In addition to the numerous global industries whose profits are lost at sea in this worst recession since the 1930s, container freight volumes–and rates–are circling the drain as well.
In January 2009, the Baltic Dry Index (BDI), a composite survey which measures dry bulk shipping rates on 40 routes worldwide, was down over 90% since its record May 2008 highs of 11,000. (See graph below.) The net asset values of ships themselves have also sunk 70%.
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A number of crises capsized the shipping sector. At the helm is the global credit freeze by importing countries (especially the U.S.), drastically lowering global demand for Chinese products.
The World Bank estimates that global trade is set to fall by 2.1% in 2009 (its first decline since 1982), and much of the slump will be felt in the transpacific trade lanes.
What does this mean in dollars and cents? Rates for Capesize ships (the largest shipping vessels) that were priced at $230,000 a day in May 2008 took a nosedive to $20,000 in January 2009. The smaller Panamax-class shipping rates also sunk from $90,000 to $12,800 per day.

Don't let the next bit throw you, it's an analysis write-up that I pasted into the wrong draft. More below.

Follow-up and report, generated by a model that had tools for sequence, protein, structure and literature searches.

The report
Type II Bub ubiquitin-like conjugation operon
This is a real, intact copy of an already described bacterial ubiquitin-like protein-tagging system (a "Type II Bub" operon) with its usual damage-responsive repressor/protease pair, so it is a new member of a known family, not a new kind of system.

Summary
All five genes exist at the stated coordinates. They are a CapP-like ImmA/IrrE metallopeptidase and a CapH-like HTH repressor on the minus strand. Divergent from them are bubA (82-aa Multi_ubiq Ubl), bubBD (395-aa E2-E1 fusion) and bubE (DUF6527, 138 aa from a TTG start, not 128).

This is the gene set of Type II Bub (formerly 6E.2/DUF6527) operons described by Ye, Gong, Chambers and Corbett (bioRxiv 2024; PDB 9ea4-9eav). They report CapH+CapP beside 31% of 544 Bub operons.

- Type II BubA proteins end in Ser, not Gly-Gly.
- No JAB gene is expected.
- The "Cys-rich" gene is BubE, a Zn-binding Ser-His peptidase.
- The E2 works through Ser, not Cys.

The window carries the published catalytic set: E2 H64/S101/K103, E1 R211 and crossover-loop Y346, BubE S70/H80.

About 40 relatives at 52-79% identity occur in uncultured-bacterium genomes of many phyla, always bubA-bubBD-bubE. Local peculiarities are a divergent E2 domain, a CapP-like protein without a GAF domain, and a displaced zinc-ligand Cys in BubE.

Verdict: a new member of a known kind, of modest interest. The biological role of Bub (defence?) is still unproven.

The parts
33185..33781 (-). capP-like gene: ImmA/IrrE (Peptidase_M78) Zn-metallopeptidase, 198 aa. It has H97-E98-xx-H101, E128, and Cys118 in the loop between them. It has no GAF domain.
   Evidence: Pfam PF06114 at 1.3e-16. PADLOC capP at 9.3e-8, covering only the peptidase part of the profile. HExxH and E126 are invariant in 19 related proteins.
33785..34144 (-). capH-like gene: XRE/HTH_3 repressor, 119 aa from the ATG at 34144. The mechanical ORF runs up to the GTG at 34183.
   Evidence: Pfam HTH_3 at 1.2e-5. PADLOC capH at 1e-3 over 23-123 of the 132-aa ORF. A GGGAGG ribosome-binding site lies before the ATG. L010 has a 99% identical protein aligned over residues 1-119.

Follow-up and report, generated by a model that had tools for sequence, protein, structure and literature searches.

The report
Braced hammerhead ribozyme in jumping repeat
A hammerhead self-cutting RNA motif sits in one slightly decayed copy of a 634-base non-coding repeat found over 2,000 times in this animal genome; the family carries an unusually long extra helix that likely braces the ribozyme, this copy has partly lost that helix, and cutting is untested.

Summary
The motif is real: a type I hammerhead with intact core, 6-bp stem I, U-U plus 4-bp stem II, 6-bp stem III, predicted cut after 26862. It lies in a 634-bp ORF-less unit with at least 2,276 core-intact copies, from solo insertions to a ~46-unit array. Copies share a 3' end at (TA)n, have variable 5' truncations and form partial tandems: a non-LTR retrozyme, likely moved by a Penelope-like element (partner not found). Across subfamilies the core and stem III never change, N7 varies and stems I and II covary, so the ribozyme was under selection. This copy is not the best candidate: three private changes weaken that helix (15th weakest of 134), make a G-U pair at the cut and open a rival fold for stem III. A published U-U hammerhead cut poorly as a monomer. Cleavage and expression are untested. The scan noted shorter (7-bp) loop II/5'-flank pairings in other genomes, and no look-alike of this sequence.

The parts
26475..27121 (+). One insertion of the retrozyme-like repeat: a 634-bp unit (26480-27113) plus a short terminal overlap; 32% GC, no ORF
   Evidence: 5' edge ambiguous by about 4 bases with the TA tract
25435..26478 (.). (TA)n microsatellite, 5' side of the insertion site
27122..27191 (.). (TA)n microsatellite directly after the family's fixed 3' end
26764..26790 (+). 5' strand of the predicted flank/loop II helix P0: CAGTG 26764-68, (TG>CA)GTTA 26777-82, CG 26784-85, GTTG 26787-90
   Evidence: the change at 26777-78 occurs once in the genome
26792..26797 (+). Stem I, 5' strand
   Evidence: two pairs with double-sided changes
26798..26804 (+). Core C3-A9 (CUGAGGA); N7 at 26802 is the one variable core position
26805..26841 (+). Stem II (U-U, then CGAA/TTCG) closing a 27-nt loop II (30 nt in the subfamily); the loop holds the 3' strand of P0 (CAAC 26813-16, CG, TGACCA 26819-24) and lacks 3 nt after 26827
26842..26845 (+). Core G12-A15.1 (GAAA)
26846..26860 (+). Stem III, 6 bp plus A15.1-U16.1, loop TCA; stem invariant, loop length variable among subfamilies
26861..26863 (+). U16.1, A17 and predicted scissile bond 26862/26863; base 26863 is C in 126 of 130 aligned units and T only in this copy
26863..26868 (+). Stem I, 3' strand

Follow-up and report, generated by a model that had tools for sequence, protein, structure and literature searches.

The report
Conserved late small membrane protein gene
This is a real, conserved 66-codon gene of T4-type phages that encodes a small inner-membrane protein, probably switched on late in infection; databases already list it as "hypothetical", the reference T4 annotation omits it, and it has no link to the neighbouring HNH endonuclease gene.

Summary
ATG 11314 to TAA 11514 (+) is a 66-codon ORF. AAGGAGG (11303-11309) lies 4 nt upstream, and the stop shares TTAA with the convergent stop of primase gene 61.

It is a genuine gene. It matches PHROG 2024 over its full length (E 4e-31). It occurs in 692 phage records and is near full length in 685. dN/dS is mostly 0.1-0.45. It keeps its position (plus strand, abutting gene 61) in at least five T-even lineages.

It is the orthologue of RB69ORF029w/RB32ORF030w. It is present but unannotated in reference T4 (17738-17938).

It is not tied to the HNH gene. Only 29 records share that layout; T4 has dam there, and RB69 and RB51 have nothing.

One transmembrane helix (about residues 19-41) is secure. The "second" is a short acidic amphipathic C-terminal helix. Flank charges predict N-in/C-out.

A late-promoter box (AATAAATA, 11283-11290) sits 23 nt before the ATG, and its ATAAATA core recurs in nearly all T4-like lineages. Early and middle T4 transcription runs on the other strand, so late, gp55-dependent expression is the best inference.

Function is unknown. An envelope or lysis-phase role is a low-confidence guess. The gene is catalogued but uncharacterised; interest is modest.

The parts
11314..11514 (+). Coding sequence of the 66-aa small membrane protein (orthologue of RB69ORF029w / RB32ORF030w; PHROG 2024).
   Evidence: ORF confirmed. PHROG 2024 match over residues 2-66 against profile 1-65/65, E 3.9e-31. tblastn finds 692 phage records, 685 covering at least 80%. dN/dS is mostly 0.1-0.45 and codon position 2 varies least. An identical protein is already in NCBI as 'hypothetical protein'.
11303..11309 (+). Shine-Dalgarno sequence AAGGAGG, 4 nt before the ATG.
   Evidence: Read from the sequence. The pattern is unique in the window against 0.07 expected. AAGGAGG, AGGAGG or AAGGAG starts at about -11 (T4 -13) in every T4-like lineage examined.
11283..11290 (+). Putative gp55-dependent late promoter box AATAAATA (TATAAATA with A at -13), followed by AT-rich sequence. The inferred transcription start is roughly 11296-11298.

Maritime figures in April 2008 showed about 9,000 ships under construction worldwide–more than any time in history. Today, between 100 and 200 bulk carriers and 500 smaller ships are anchored awaiting better charter rates. Container shipping giant Maersk announced in December 2008 the lay up of eight of its 6,500 TEU vessels because “freight rates remain under severe pressure, and in several corridors the rates do not fully cover our variable costs.”
Some investment analysts predict normalcy will return to the BDI with 2009 poised to be a bounce-back year for shipping stocks. However, Scott Burk, an ocean shipping analyst for investment bank Oppenheimer & Co., paints a pessimistic picture that forecasts “anemic” global dry bulk shipping demand with rates only rising slightly above break-even levels for the first six months of 2009.